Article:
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CRIME AND COURT ROUNDUP: Debate rages on about the future of the suspects who stabbed a 12-year-old girl

The stabbing of a 12-year-old Waukesha girl has put a new focus on a state law that requires adult charges for murder and attempted murder suspects as young as 10.  Wisconsin is among 29 states that require adult charges for children accused of committing the most serious crimes.  Many of those laws were passed in the 1980's-and-'90's, amid concern that America would fall prey to youngsters from broken homes who'd show no remorse for killing.  Some juvenile crime experts say offenders this young do not pose long-term threats to society.  But a former legislator who wrote the Wisconsin law still stands by it.  It's tougher than most states, because it allows adult charges as young as ten instead of the general norm of 13.  In the Waukesha case, a pair of 12-year-old girls are accused of stabbing a friend 19 times to curry favor with a fictional character from a Web site with horror stories.  Former Assembly Republican Bonnie Ladwig of Racine County still believes the law is proper.  She tells the A-P she has no sympathy for the girls who are now charged.  Ladwig said it was obvious that the stabbings were no accident, amid reports that they had planned it for months.  Emily Keller of the Juvenile Law Center in Philadelphia she generally opposes the laws on adult charges for young children.  But she tells the A-P that judges would probably send the most heinous juvenile cases to adult courts anyway.


State prosecutors said a federal judge was wrong to declare that targets were aggressively raided at their homes during the John Doe probe into the state's recall elections.  Milwaukee County D-A John Chisholm defended his evidence-gathering techniques in a court filing, as he appeals Judge Rudolph Randa's ruling which halted the John Doe last month.  The ruling came in a lawsuit by the conservative Wisconsin Club for Growth, which claims its free-speech rights were violated.  An attorney for Chisholm told the federal appeals court in Chicago that the Club for Growth has not produced witnesses or evidence to back up their claims about strong-armed raids on conservatives' homes.  In his ruling last month, Randa said sheriff's deputies used bright flood-lights to illuminate the targets' homes at night -- and they took business papers and equipment while "their targets were restrained under police supervision and denied the ability to contact their attorneys."  Randa had referred in part to raids last October at the homes of Club for Growth consultants R-J Johnson and Deborah Jordahl.  Prosecutors are trying to revive the John Doe in the midst of reported settlement talks.  The probe is looking alleged illegal fund-raising and coordination between private groups and Republican candidates -- including Governor Scott Walker's camp -- in the 2011-'12 recall elections.


A Stratford man has been sentenced to five years and three months in a federal prison for selling guns, grenades, and the silencer used in a Wausau murder.  Federal Judge William Conley also ordered Tyler Jenkens to spend three years under extended supervision once he gets out.  Officials said Jenkens was about a year away from having a marijuana conviction expunged when he sold a firearm to a confidential informant.  A search later turned up six weapons -- including a stolen gun, two homemade hand grenades, and a silencer that prosecutors said was used in the January third shooting death of K-C Elliott in Wausau.  John Lewis is still facing charges in that homicide.  Assistant U-S Attorney Rita Rumbelow wanted at least a six-year prison sentence, saying that Jenkens was "proud to be a criminal."  He told the judge that firearms were his hobby -- and he made the grenades and silencer so he could have things that most people wouldn't.  Conley reminded Jenkens that his prior criminal record barred him from having firearms.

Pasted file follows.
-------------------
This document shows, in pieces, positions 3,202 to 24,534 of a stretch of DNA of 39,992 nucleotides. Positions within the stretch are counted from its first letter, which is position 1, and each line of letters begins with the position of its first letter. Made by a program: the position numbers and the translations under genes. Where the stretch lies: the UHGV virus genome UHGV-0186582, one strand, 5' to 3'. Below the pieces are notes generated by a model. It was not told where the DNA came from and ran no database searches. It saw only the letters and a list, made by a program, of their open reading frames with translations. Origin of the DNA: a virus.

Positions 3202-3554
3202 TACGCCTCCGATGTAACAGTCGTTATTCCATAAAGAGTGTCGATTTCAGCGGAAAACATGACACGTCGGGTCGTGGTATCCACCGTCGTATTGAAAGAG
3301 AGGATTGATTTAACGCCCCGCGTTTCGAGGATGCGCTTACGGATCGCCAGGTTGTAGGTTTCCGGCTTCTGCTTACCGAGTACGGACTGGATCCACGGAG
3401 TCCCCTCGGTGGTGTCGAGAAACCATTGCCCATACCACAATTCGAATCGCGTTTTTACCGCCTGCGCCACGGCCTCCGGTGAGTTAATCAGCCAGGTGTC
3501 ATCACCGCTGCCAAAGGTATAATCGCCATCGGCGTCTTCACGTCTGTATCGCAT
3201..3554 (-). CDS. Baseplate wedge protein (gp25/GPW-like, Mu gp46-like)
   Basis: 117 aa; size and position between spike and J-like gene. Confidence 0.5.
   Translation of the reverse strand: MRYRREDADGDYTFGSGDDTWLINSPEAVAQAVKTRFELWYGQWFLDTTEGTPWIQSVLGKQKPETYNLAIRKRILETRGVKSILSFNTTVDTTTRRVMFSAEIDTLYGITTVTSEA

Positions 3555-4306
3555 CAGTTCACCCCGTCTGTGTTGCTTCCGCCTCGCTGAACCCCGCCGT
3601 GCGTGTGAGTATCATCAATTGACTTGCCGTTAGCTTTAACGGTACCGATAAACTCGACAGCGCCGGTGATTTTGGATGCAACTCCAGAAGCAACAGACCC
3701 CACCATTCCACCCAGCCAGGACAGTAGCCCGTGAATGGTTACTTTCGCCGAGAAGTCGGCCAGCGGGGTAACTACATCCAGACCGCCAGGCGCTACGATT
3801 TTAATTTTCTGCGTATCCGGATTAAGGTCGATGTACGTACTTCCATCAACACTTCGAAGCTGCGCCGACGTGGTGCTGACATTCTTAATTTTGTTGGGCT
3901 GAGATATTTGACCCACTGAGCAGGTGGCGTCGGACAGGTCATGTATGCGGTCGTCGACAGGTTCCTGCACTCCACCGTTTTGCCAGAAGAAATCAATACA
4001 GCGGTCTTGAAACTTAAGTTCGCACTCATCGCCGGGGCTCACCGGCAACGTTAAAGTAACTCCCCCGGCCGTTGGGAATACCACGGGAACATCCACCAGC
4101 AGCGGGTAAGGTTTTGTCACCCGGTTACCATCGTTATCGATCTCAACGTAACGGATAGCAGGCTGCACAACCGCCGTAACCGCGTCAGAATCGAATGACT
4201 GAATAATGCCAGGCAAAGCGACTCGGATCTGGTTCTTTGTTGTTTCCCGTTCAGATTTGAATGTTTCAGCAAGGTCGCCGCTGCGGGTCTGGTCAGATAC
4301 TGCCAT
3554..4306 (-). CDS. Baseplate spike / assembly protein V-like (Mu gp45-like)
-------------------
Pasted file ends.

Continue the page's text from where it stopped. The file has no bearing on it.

Dozens of animals that were seized from a Racine County rescue shelter will start going up for adoption in the next couple of weeks.  Police removed about 90 dogs and cats in recent days from the Orphan Kanines' shelter in Caledonia, and from two homes in the area.  The shelter's owner has given up ownership of the seized animals.  The Racine Journal Times says about half the dogs are now at a temporary shelter in that city, while others are at Wisconsin Humane Society facilities in Racine, Milwaukee, and Ozaukee counties.  The owners of two seized dogs have come forward -- and officials say they'll take their pets home soon.  Angela Speed of the Humane Society says efforts are now being made to get the other pets ready for adoption.  Authorities said they discovered unsafe conditions at the Caledonia shelter during a routine fire inspection.  Among other things, officials said ammonia levels in the building were unsafe for humans -- which is why it took a while for the animals to be removed.


A homeless man faces a possible burglary charge, for allegedly breaking into a church in Oshkosh.  Police said they used surveillance video to identify the 26-year-old suspect, in connection with a May 13th burglary at Grace Lutheran Church.  Police say they'll also seek theft charges, after he allegedly stole money from donation boxes at a Catholic church in Oshkosh.  The man was arrested on Tuesday, after police in nearby Appleton found him.  He was returned to Oshkosh, where officers interviewed him and took him into custody.